African: Liberian Outreach
I started making this website after a recent article in the Morris paper (down below). I've met a Liberian once before in Morris. She was actually a college student attending UMM, but I didn't really get a chance to get to ask her more about her and the country she came from. I decided to do more re"search" on this unique country today (Tuesday, January 30th of 2007) after PCS told me about some Liberians starting to work in their group homes. I found one of many interesting facts this evening, which is the origins of the name "Liberia" (free African-American slaves in the 1800's-cool!).
Morris Area Elementary School to LiberiaMorris Sun Tribune
Published Wednesday, January 24, 2007
" The Orphan Grain Train semi trailer was fully loaded with the supplies and volunteers unloaded the desks and chairs from one trailer and into the semi. The Orphan Grain Train is a non-governmental Christian organization which aims to aid underpriveleged children and elderly around the world.
A People Torn: Liberians in Minnesota, from the Minneapolis Star Tribune (Tuesday, February 20th 2007)
Cleo Harris: 'I just don't know what to do'
"But indigenous tribes did not welcome the newly arrived "Americo-Liberians." Over time, this tension erupted into the violence that eventually drove Harris and throngs of others back across the Atlantic to America, seeking sanctuary.
And now they may be sent back once again.
The sudden departure of thousands would be a dramatic change to their communities. Officials are just beginning to assess what would happen if hundreds of houses are dumped on the market, if dozens of nursing homes lose skilled workers, if scores of children are pulled from school or left behind."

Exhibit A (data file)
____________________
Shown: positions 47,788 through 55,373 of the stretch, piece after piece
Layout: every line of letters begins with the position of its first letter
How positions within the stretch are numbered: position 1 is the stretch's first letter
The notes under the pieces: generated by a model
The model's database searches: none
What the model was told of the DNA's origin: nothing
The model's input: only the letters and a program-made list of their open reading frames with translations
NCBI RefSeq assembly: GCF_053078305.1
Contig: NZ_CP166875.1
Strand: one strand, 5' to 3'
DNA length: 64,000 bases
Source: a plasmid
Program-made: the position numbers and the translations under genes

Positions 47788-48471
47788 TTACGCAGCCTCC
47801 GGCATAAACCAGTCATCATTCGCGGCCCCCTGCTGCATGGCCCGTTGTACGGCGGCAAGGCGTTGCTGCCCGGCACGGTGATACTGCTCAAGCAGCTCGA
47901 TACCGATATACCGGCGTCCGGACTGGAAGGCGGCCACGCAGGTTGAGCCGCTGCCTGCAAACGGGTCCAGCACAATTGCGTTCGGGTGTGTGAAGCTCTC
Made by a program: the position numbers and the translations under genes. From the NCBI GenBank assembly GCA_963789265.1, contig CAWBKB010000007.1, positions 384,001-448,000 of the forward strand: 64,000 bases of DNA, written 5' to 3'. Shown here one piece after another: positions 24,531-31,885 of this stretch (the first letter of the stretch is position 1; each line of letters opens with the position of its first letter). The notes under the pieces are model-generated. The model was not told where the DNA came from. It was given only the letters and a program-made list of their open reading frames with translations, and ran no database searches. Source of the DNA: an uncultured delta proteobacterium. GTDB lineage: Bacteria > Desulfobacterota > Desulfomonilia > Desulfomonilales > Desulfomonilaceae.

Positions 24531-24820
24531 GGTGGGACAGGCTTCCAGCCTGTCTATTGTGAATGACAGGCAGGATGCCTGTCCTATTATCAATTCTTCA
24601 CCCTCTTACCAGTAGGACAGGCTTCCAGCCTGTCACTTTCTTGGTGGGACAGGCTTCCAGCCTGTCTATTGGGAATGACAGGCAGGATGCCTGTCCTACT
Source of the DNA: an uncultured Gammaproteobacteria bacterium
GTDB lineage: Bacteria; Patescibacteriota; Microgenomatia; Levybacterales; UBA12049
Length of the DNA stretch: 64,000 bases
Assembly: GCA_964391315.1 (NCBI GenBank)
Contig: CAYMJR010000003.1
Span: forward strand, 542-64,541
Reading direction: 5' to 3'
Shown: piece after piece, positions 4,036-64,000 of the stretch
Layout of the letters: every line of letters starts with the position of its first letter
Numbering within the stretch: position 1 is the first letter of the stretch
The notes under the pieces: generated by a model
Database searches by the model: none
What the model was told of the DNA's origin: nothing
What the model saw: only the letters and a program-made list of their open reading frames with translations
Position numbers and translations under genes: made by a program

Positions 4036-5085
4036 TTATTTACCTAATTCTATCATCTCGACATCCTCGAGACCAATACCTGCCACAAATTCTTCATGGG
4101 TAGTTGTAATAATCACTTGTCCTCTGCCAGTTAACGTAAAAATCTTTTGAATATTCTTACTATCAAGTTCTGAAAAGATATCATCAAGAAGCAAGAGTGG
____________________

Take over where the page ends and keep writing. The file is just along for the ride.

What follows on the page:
Waiting for the smoke to clear: Liberians in Minnesota
by Rob Schmitz, Minnesota Public Radio
August 1, 2003
"As peacekeeping troops wait to enter Liberia, there's another, less visible, group waiting in the wings in Minnesota. More than 20,000 Liberians live in exile in the Twin Cities. Many of these are young Liberians who are in school receiving training and developing skills to rebuild their homeland. "
"The Liberian Truth and Reconciliation Commission (TRC) Project was launched by Minnesota Advocates for Human Rights on June 22, 2006. The project is designed to give Liberian refugees in the U.S. a role in promoting international justice and human rights as part of the truth and reconciliation process in Liberia. The project will also raise awareness of transitional justice mechanisms and the Liberian process here in the United States. Minnesota Advocates is working directly with Liberia’s recently inaugurated Truth and Reconciliation Commission to develop this project.
Organization of Liberians in Minnesota
Liberia and America, from Time Magazine
CIA World Factbook
Maps of Liberia, from UofTexas
All About Liberia
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